My daughter just started kindergarten, and my son’s in school. Sometimes I have after school babysitters or after school care, but it’s complicated. Ideally, they’d both have enough and not too much care other than me—ideally, someone else would shuttle them to activities some of the time (other than my husband and me). So I guess I’m happy some of the time and frustrated sometimes by not having enough time to work, or the usual guilt for not being there for everything. Honestly, more time to work yells louder, but the kids will get older and need me less, and there will always be things to write.
How do you split up your responsibilities at home with your husband?
We really used to be 50-50 when we both had jobs and no kids. Now I’m the cook, and I do more of the childcare, but he does more than your average dad, I’m quite sure. I think every couple could use an extra mom to help with stuff (extra dad, extra wife), but it’s temporary, the heightened need.
Has having children affected your career path?
I think I would work more in things other than writing if I didn’t have children—more teaching, more freelance editing and nonfiction (both of which I don’t mind editing out of life). I was always a kid person—I used to teach after school and daycare when I was in high school and college—so I like having some of that energy (never enough) and time with my own kids. You know—art projects and weather stations and woods walks. Honestly, the main compromise is not working as much as I might like, but it’s not a bad compromise in this particular field, and I manage to write quite a lot, considering. Maybe the time pressure helps.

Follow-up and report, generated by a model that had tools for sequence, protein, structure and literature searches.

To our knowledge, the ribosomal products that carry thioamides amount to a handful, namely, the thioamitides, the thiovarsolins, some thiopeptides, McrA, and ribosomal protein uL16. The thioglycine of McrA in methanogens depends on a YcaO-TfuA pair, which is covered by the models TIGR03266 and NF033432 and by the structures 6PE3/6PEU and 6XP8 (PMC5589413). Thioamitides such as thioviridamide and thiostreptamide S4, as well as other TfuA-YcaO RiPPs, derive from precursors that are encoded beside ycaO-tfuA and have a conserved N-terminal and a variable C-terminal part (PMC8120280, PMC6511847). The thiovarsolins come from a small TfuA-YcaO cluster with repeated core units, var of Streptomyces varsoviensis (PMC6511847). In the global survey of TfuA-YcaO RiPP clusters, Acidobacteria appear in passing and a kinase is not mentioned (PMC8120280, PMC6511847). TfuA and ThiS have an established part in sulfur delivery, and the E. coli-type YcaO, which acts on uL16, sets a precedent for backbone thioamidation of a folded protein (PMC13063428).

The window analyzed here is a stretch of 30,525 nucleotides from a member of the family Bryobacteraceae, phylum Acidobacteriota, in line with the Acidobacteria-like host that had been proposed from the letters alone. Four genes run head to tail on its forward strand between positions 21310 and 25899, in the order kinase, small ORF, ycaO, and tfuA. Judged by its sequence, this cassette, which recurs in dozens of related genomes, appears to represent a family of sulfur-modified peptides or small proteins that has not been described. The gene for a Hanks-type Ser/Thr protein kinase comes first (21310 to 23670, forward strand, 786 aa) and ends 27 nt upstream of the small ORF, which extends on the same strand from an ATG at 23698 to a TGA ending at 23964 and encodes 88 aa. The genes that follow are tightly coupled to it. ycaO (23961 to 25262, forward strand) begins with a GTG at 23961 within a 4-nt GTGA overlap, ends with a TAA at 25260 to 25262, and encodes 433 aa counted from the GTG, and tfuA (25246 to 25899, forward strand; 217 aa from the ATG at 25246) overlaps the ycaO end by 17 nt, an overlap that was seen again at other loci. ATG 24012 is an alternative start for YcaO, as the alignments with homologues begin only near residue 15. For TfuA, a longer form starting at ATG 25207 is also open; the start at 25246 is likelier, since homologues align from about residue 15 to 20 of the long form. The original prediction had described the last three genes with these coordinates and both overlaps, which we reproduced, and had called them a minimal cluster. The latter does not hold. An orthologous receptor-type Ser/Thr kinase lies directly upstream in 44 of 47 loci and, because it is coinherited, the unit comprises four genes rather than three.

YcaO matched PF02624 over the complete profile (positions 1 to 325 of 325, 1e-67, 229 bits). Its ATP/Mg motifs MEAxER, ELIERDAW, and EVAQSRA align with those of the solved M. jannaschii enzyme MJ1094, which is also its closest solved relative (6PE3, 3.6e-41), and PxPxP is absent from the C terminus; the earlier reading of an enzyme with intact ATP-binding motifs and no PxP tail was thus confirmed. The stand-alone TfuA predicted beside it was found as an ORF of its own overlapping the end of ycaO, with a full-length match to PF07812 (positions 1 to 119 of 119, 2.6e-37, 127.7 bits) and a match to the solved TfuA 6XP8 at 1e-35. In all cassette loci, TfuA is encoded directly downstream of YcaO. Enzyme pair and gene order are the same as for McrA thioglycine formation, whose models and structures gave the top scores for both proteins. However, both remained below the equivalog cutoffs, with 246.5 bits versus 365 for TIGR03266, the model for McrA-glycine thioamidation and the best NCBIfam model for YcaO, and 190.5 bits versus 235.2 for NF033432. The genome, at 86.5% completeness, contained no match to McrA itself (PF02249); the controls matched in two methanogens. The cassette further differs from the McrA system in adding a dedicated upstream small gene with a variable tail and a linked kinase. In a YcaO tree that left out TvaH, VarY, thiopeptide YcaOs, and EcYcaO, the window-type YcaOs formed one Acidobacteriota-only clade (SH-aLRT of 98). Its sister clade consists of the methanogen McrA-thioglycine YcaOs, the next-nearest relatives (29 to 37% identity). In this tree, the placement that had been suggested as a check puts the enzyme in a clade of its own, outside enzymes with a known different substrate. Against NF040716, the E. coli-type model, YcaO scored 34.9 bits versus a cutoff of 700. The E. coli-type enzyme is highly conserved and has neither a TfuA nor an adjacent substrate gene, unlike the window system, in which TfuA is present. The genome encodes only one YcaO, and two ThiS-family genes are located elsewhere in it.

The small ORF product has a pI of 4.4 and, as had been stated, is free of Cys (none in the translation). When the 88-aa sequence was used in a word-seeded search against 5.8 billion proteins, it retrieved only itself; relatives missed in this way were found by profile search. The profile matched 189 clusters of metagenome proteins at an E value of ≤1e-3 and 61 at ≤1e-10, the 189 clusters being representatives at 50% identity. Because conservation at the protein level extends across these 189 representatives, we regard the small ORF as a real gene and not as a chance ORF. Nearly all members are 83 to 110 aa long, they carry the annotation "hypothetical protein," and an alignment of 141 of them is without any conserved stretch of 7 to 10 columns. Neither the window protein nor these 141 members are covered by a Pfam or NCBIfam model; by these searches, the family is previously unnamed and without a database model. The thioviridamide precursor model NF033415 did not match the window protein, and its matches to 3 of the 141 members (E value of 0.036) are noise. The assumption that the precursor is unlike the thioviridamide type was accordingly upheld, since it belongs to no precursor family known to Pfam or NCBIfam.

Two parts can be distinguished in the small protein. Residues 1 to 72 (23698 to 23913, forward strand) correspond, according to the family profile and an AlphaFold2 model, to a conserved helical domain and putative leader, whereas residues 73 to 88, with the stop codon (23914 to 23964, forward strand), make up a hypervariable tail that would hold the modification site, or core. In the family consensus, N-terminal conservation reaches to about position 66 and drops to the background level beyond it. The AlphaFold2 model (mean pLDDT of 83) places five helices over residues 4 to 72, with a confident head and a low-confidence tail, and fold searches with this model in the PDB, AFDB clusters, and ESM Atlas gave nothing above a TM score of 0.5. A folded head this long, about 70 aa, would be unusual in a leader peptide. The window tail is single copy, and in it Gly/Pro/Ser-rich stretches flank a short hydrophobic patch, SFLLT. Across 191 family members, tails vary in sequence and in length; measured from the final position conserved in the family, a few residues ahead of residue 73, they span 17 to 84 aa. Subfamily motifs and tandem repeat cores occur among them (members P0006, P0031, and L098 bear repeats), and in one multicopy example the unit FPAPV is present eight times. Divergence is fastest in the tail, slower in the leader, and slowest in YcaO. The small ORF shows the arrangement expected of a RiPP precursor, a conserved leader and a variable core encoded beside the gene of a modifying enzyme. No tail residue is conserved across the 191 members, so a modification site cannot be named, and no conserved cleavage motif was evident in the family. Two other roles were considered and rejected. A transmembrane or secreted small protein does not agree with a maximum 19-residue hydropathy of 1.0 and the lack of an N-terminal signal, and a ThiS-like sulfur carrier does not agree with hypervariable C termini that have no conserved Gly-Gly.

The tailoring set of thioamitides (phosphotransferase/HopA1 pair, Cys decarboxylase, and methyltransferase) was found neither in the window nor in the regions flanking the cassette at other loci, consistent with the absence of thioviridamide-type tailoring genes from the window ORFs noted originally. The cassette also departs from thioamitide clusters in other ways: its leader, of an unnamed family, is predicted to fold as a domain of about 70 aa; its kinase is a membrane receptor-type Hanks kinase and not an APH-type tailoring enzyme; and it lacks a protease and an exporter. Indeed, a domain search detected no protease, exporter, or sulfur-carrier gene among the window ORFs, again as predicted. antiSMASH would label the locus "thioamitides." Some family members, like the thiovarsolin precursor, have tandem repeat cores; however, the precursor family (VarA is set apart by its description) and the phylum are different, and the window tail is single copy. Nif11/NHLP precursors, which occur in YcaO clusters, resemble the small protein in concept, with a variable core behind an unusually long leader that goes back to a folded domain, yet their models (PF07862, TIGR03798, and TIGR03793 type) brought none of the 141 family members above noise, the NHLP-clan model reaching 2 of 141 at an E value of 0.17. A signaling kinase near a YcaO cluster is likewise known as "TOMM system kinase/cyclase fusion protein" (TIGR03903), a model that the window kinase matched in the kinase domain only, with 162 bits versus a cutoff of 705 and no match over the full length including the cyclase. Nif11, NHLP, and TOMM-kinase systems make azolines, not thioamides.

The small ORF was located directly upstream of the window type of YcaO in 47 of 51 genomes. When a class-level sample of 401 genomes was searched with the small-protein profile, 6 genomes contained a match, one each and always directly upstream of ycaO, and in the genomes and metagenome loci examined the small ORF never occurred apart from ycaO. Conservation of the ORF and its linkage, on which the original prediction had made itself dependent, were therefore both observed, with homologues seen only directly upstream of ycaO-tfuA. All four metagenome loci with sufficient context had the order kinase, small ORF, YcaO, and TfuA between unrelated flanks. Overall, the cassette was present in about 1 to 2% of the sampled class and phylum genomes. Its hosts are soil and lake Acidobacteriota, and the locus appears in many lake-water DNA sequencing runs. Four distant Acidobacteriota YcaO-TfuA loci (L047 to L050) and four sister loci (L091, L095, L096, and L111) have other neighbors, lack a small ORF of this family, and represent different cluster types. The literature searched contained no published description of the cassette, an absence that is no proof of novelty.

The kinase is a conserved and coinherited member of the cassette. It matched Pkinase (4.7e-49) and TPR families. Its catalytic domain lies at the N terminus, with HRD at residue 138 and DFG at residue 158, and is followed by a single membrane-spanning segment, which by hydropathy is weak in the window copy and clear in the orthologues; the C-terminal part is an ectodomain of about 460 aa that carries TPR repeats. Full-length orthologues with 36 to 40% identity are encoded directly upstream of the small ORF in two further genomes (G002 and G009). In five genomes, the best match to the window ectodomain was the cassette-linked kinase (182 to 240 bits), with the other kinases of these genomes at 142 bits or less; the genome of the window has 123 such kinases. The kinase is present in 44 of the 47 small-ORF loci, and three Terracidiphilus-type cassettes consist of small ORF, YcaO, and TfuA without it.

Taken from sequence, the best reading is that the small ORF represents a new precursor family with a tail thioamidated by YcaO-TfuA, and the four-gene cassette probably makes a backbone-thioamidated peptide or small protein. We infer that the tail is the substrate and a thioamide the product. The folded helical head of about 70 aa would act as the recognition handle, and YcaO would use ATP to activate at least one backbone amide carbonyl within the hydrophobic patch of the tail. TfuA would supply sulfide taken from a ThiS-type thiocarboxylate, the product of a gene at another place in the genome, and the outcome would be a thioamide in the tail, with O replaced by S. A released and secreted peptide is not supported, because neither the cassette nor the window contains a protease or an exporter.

What are some things you are not perfect about?
House stuff. I am not a window treatment woman. I have painted many rooms in the house and not beautifully. I hate piles of papers and books but create them nonetheless. And of course I always, always wish I had more patience, no matter how much is generated by the mommy-patience organ (is it the uterus? Or the hips? There’s something that produces patience and guilt in ridiculous quantities when you have children.
How do you de-stress and relax?
The gym, and singing. I trained as an opera singer and worked as one briefly. I never had the drive needed to be a professional singer, but I love to sing with other people—what joy!
Do you have any working mom guilt?
Some days I successfully put it in my pocket and hope it’ll get lost in the laundry. Some days I just have to give it to my characters. Either way, I have a feeling it’s a particular hunger you just have to feed from time to time—with the indulgence of that “hi Mom!” hug at the end of the day.
Tell us about your new book, The Other Mother. What inspired you to write it?